The power behind art is undeniable. When you’re in a museum there’s that specific painting that just makes you drop everything and just look. When you’re on the street there’s always that one piece of street art that makes you stop and think, even if its for 30 seconds. Art also has the power to heal and communicate a powerful story. Today’s recording is another user submission, Peter Snelling from the UK. Peter is a producer who’s mission is to give voices to those that usually go unheard. He does this through various art and creative projects, one of them being the “Hopes and Fear Project”. In the project teenagers talk about what their hopes and fears are striking some funny, powerful, and inspiring stories. At the end of the project the teenagers went on to create print art work and exhibited to their community at the Exeter Pheonix. Their stories were also told over the radio Phonic FM. The recording featured today is from a young girl Bea, who battled leukemia. Powerful story but one that should be heard. I would like to thank the users that have submitted material thus far in the project and would like to remind all of you, you can submit material as well. Just click on the Participate page to get all of the details!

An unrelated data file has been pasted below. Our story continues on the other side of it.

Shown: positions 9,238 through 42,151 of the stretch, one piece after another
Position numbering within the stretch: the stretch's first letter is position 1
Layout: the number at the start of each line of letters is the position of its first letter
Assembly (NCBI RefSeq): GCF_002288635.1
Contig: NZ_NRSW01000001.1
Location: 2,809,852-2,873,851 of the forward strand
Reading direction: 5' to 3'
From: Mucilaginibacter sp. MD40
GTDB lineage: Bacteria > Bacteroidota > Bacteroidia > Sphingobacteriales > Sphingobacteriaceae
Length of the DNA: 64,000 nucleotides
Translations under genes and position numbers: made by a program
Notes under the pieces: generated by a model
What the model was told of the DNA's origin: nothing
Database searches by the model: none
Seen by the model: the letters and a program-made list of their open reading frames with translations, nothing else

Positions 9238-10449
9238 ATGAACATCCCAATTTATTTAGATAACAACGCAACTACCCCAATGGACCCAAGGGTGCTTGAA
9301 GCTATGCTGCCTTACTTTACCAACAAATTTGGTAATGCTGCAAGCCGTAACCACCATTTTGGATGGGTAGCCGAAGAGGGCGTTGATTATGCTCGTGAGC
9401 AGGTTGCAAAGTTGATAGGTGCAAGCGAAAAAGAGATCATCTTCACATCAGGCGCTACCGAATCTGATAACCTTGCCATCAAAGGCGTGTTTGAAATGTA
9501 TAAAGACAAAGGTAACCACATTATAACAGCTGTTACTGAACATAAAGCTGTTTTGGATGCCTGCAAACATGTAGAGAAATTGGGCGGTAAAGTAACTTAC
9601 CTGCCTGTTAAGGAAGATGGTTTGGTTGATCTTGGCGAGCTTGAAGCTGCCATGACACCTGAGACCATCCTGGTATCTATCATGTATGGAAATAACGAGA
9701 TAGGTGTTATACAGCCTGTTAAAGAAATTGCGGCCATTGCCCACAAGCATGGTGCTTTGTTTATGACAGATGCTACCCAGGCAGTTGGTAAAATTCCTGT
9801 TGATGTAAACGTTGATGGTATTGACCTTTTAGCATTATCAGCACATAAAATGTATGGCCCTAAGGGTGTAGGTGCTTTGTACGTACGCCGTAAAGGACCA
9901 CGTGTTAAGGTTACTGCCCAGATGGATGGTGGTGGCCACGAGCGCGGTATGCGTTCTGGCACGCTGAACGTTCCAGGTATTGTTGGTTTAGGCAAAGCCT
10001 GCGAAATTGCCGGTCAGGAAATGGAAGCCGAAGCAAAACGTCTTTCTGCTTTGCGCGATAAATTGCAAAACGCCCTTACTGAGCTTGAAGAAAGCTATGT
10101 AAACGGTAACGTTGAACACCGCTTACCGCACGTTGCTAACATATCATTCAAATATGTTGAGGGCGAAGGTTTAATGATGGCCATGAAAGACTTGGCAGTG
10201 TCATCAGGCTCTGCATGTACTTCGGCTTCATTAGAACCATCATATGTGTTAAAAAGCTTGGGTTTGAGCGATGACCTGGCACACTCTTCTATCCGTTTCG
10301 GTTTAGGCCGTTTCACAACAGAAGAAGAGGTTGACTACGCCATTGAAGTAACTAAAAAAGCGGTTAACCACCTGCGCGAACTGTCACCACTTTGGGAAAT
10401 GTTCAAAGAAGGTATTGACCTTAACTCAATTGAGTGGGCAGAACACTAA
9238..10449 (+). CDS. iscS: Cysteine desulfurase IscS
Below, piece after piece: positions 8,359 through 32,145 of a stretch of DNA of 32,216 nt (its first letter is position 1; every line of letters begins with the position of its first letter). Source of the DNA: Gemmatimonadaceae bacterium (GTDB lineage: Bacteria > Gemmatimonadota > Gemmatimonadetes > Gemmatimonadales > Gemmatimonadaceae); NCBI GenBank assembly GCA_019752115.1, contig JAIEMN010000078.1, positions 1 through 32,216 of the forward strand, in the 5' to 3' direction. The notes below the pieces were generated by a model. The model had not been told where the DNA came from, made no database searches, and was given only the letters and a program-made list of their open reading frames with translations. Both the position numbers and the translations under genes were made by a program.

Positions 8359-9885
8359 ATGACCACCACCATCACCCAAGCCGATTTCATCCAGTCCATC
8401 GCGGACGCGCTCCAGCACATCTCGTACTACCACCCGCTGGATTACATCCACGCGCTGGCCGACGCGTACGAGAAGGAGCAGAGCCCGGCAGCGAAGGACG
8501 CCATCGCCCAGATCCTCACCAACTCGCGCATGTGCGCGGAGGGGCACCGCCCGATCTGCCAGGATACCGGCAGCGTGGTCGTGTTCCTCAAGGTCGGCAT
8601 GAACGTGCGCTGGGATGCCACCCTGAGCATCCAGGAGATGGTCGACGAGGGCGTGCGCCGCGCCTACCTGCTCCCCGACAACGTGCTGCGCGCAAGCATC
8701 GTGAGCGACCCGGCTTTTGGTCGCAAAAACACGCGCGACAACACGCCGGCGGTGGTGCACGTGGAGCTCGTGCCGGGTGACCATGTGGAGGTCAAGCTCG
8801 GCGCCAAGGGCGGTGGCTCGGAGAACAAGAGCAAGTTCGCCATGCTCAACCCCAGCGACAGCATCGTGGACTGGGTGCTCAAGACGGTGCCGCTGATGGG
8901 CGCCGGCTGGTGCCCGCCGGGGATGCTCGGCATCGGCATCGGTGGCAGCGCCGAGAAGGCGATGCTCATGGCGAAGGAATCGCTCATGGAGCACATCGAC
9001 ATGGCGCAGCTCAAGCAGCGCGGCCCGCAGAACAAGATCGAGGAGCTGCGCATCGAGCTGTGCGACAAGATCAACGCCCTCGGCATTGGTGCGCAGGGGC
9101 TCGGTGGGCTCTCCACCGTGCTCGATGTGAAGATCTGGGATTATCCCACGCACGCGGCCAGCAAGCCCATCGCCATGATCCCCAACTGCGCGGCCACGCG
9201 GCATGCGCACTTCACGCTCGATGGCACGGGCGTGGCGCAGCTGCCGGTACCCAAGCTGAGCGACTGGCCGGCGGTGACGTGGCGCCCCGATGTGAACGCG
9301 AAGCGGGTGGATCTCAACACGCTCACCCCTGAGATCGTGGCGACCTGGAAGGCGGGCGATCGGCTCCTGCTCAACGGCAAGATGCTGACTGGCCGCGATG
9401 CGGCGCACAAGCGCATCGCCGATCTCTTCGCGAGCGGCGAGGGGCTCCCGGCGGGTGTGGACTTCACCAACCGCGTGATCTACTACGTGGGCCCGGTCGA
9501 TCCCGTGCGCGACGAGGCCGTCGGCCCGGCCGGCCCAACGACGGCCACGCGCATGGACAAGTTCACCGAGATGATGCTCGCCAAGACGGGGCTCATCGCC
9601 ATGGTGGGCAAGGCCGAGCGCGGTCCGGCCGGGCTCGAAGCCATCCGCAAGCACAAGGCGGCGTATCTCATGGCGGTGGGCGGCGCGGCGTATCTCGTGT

Check it out! The Without Walls Project got a mention on ARTCO LLC’s blog! ARTCO is a branding/consulting company that works with contemporary artists and influential brands. Many thanks!
First off, apologies on the lack of posts last week! Close to no internet access and prep for a job interview will do such a thing, but I’m back and with a couple of sounds for you. Today I’ll take you down to the quaint neighborhood of NoLita. The neighborhood is wedged right in between SoHo, Little Italy, and the Lower East Side and has a lot of great restaurants you can dine in. I used to live in this area my junior year of college and the food choices were awesome. One of my favorite restaurants was a pizzeria called L’asso. At this pizzeria there are new creations weekly and the best part? The seasonal craft beer they have on tap. Not only are they delicious but from local breweries. On the side of restaurant there is an awesome mural by Dima, entitled “The Ace” and this is where our sound recording today will take us.
Photo Courtesy of: Laughing Squid
The restaurant in on a street where, in addition to other delicious eats, there are also a bit of industrial spaces as well. In other words, it might be a bit of a loud recording so keep the volume at low.
High Line Finds
(Click through on Tumblr Dashboard to see all the illustrations!)